Reading this title may raise some questions whether you are a “Hamilton” fan, a “Lion King” fan, or a mix of both like myself. However, seeing that these two films/Broadway productions are my favorites, why not connect the dots leading to the circle of life? If you think about it, it is a small world after all.
For starters, the opening song for both “Hamilton” and “The Lion King” sets the tone for the whole show and allows the audience to either get a sense of the impact that will soon unfold or make them worry about the possible emotional damage they did not sign up for. Both opening numbers talk about how life can bring us to one poignant moment that defines a legacy.
“The Lion King” talks about how we are all connected in a circle and although “Hamilton” talks about one person, it still comes back full circle showing life’s circular fashion. In addition, the songs in each film give the audience an insight and introduction of each character through song such as “The Schuyler Sisters” and “I Just Can’t Wait To Be King.” Each song respectively showcases Angelica, Eliza and Peggy’s distinct yet sassy personalities and young Simba’s flaunty and bratty attitude.
One can say our protagonists are tragic heroes because of their unfortunate upbringings. Not only that, but they experience a humbling moment that brings them back to reality. For Simba, the death of Mufasa forced him to run away from home, only returning years later. His waking and humbling moment was when Rafiki came and found Simba and showed him that Mufasa lives in him. Let us not discuss the Mufasa ghost scene because I will cry, scream and throw up on the spot.
For Hamilton, his waking and humbling moment was when his son Phillip died. Throughout the show, Alexander Hamilton is shown to be in the moment and non-stop. That causes him to drift away from his wife Eliza and his family. He becomes treasurer of the new United States, has a few rap battles with Thomas Jefferson and even has an affair with Maria Reynolds.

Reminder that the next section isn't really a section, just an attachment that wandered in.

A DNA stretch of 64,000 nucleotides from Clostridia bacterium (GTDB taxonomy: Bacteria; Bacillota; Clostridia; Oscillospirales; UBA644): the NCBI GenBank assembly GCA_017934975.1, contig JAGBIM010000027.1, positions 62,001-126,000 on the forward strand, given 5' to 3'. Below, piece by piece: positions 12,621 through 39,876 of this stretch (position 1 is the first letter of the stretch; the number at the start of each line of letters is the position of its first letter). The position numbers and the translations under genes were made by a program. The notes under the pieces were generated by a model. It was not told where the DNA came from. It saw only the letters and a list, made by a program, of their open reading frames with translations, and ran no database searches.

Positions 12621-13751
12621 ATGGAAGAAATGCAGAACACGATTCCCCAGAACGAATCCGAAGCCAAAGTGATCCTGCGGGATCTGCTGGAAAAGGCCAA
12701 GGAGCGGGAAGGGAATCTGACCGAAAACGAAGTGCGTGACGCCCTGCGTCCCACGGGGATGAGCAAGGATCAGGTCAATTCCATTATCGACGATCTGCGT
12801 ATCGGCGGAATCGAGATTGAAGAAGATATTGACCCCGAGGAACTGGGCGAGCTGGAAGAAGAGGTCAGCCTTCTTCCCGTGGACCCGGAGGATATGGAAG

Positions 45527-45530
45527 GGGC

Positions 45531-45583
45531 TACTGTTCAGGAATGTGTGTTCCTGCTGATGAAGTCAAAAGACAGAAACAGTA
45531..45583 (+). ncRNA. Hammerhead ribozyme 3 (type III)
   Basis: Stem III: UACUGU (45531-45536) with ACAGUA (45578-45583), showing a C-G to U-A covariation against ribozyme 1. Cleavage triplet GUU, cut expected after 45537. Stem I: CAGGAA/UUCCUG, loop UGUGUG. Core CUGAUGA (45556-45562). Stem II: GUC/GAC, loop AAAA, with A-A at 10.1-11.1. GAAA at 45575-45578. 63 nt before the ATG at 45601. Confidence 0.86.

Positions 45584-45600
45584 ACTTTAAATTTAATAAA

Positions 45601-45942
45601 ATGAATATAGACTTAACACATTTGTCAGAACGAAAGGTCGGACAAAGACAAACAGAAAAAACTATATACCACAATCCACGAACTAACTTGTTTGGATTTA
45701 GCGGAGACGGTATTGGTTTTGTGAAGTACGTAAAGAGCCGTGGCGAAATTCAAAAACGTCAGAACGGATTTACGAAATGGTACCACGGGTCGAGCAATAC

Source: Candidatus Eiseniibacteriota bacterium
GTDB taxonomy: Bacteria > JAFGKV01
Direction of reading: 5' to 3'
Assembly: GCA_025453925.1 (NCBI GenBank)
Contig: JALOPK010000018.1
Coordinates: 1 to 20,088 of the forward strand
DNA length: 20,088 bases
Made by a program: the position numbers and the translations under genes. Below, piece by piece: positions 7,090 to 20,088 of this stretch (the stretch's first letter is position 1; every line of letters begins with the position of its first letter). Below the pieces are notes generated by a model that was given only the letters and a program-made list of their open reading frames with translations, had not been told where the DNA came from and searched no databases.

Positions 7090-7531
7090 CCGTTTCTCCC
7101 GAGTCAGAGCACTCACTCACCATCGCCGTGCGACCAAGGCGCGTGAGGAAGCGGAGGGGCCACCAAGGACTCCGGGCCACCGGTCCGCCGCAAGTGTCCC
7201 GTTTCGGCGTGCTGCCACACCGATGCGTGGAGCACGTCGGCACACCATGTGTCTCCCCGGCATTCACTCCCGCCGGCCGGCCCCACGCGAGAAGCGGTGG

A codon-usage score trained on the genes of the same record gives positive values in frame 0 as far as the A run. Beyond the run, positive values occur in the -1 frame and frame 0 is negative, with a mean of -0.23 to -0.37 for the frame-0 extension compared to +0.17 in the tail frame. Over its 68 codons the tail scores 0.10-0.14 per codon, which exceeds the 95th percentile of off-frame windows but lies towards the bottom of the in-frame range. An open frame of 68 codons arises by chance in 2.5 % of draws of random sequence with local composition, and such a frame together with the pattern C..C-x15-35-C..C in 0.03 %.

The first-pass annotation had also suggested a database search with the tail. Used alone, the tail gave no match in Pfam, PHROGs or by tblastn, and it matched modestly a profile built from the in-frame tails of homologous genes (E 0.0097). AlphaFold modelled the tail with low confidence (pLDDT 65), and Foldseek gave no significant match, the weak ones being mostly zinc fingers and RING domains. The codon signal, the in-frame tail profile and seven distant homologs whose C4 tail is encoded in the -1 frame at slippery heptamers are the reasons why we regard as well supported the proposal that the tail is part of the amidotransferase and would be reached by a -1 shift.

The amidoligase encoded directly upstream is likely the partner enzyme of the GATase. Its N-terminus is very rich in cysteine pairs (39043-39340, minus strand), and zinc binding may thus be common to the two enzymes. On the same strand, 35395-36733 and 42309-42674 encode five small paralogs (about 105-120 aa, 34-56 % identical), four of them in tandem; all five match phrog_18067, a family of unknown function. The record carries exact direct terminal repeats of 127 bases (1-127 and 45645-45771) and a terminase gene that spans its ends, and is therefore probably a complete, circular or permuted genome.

As a result of one speech delivered by George Eacker, Phillip decides to take matters into his own hands and challenges Eacker to a duel for degrading Alexander’s name. What looks to be Alexander giving fatherly advice turns for the worse when Phillip is shot. Finally having a quiet moment to reflect his life so far, he starts to value what he took for granted. Again, let us not discuss “It’s Quiet Uptown” because I will cry, scream and throw up on the spot.
Then, there are the compelling and complex villains of the story. Scar and Aaron Burr are so different yet have similar traits. They both can be manipulative, clever, power-hungry and even vulnerable. I say this because if you look back at Scar’s backstory, he was always in Mufasa’s shadow and got to the point where he felt like he had to steal the spotlight by force for people to notice. Does that not sound familiar?
Aaron Burr felt overshadowed by Hamilton and his philosophy was to just wait for it. However, neither Scar or Burr could wait any longer and decided to take control of their destiny. Nonetheless, it bit them in the butt in the end. Scar led his own demise by tossing the blame to the hyenas, his so-called friends, but they returned his snake nature by probably having their first full meal in a while.
Burr did not do the one thing he claimed he would do: he did not wait for it. In fact, his immediate shot changed the course of history. It was several times where Burr considered Hamilton a friend, but his bottled-up jealousy over the years poisoned him. The world was wide enough for him and Hamilton, but it does not matter because all the world will see him as now is a villain.
Lin-Manuel Miranda must have gotten inspiration from the best Disney movie and best movie in general because the connections are connecting. Both films have a special place in my heart and they have cemented themselves as part of my identity for the rest of my life. Until we find our place, I will forever be in the room where it happens in the circle of life.